• When the sunlight falls on this semiconductor, electrons, and holes are generated. The electrons reduced the protons to produce hydrogen, and holes are consumed by some chemical agents called sacrificial agents. If the holes are not consumed, then they will recombine with the electrons. 

Benefits: Hydrogen generated in this manner can be used in many forms like electricity generation through fuel cells in remote tribal areas, hydrogen stoves, and powering small gadgets, to mention a few. Eventually, they can power the transformers and e-vehicles, which are long-term research goals under progress.

News Source: PIB

(Mains Focus)


  • GS-2: Important International institutions, agencies and fora- their structure, mandate. 
  • GS-2: Bilateral, regional and global groupings and agreements involving India and/or affecting India’s interests

Four Geopolitical developments and a window of opportunity for India

Context: A number of important developments has taken place over the past several weeks. They may appear disconnected but in fact add up to a significant shift in regional and global geopolitics.

These developments and implications on India are:

  1. First is the withdrawal of US and NATO forces from Afghanistan and the complete takeover of the country by the Taliban; 
    • The Afghan situation is a setback for India in the short run. The political capital and economic presence it had built up in the country over the past two decades has been substantially eroded. 
    • In the longer run, it seems unlikely that the Taliban will give up its extremist agenda and severe its links with Jihadist groups. This increases regional and international fears over cross-border terrorism may be revived.
    • This would deny both Pakistan and China the anticipated payoff from the US withdrawal.
    • India’s response should be to 
      • Wait for its time 
      • Strengthen its defences against an increase in cross-border terrorism
      • Keep its faith with the ordinary people of Afghanistan
      • Provide shelter to those who have sought refuge 
      • Join in any international effort to deliver humanitarian assistance to the people of Afghanistan.
  1. Second development is significant domestic political changes in China, including the ideological and regulatory assault against its private high-tech companies and real estate companies. 
    • China’s vibrant private sector is being reined in while the State Owned Enterprises (SOE) are back in a central role.
    • This has increased risk perception among international businesses who had seen China as a huge commercial opportunity.
    • If India plays its cards well, this time round there could be significant capital and technology flows from the US, Japan and Europe diverted towards India because it offers scale comparable to China.
    • The constraints are policy unpredictability, regulatory rigidities and bureaucratic red tape in India. Some of these issues are being addressed, such as dropping of retrospective taxation. But there is still a long way to go.
    • In this context, India should consider rejoining the Regional Comprehensive Economic Partnership (RCEP), Comprehensive and Progressive Trans-Pacific Partnership (CPTPP) and Asia-Pacific Economic Cooperation (APEC)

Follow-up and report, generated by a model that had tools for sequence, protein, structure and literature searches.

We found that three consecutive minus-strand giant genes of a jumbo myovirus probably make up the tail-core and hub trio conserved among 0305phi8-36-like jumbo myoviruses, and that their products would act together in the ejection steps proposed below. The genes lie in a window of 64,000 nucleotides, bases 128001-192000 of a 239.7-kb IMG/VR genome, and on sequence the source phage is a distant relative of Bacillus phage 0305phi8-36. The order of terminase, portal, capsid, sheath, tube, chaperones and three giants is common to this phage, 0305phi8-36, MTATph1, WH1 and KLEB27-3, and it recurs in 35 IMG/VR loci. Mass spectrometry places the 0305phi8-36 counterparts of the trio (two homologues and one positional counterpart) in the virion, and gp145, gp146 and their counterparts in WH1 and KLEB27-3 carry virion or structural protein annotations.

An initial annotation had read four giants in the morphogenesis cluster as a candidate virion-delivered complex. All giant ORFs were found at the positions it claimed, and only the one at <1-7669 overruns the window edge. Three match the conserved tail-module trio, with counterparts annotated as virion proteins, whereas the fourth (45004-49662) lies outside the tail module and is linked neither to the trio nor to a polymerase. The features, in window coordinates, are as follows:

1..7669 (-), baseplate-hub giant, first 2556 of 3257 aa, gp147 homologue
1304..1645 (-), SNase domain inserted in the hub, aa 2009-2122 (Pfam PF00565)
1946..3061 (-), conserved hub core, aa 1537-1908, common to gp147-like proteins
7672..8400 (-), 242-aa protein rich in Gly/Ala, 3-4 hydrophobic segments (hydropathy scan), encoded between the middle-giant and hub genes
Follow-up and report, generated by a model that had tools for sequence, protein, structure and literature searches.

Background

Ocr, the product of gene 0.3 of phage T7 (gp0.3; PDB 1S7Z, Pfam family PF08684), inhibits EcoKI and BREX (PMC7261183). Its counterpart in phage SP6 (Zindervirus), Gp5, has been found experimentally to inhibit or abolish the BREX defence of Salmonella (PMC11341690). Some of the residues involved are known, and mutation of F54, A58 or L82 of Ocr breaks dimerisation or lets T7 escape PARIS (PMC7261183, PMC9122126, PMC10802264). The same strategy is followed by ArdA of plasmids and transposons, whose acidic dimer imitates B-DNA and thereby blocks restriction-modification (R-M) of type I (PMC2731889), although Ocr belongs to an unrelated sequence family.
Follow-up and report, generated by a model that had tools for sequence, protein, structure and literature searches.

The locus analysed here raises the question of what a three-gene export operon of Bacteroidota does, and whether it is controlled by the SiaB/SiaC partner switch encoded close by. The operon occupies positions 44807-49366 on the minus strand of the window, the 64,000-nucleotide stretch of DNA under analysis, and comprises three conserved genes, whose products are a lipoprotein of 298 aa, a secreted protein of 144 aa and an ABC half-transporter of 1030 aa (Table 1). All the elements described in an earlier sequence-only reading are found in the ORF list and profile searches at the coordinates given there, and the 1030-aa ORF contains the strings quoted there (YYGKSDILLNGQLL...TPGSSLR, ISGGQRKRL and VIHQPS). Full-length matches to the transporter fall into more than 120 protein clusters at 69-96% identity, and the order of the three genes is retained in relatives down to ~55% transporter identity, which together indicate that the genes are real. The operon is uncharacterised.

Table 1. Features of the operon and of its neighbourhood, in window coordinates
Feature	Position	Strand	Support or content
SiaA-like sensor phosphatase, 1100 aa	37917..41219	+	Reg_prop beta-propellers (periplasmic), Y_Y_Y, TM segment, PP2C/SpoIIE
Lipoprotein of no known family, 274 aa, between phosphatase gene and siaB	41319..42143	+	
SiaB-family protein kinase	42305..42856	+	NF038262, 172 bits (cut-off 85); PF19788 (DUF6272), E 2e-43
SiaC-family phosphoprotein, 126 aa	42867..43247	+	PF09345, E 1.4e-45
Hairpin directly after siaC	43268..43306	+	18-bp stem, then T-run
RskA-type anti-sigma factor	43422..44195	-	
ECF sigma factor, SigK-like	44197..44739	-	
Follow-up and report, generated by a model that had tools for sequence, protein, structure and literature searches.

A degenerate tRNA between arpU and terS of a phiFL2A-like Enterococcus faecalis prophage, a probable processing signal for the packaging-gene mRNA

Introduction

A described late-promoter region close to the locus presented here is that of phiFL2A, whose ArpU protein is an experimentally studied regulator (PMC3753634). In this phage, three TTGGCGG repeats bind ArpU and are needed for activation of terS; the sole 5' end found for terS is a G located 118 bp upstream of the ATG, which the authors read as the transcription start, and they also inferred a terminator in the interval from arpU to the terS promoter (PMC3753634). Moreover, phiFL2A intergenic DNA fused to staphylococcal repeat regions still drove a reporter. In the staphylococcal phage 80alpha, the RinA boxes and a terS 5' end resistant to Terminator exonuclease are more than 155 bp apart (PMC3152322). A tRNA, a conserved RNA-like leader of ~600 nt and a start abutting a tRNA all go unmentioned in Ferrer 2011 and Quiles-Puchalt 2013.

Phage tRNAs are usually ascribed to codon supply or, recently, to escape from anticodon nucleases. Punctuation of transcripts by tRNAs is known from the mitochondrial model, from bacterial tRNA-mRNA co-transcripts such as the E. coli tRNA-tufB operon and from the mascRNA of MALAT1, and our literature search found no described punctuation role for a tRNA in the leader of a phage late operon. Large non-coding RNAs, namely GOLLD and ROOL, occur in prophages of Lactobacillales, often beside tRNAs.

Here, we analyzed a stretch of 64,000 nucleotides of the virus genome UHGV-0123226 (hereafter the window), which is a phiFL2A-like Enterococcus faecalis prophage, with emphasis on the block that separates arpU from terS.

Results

1. Third development is the announcement of the Australia-UK and US (AUKUS) alliance. 
    • The alliance reflects a clear strategic choice by Australia that it will be firmly on the US side of the fence despite its considerable economic and commercial equities in China.
    • This raises the level of deterrence against China. 
    • As a result, China becomes more preoccupied with threats on its eastern flank, it could move to reduce tensions on its western flank, chiefly with India. 
    • China may advance its forcible takeover of Taiwan before the AUKUS gets consolidated.
  1. The fourth development is related to QUAD
    • The convening of the four-nation (India, Australia, Japan and the US) Quad physical summit in Washington, reflects a major step towards its formalisation as an influential grouping in the Indo-Pacific going beyond security.
    • We may be entering a period of enhanced danger and tensions in the Indo-Pacific. India should be aware about this uncertain times and be prepared accordingly. 


These four developments, taken together, present India with both risks but also with opportunities. However, we can notice that the opportunities outweigh the risks.

Connecting the dots:

  • Taliban Takeover of Afghanistan
  • China’s Belt and Road Initiative 


  • GS-2: Government policies and interventions for development in various sectors and issues arising out of their design and implementation.
  • GS-3: Indian Economy and issues relating to it.

Auditors’ Auditor: NFRA

Context: The National Financial Reporting Authority (NFRA) will be headless from October 1 if the government does not announce, either a successor or another term, to the incumbent Chairman.

What is NFRA?

  • NFRA came into being in late-2018 in the wake of the IL&FS financial scandal.
  • The NFRA is a national regulator for auditors set up under the Companies Act, 2013.
  • NFRA was born due to the failure of self-regulation of the audit profession by the Institute of Chartered Accountants of India (ICAI).
  • It was set up specifically to investigate the role of auditors in frauds in listed and large public interest entities.
  • It came into being in late-2018 in the wake of the IL&FS financial scandal.
  • Composition – NFRA will have a chairperson who will be appointed by the Central Government and a maximum of 15 members. 
  • An important function of NFRA is to make recommendation to Central Government on the formulation and laying down of accounting and auditing policies and standards for adoption by companies or class of companies or their auditors.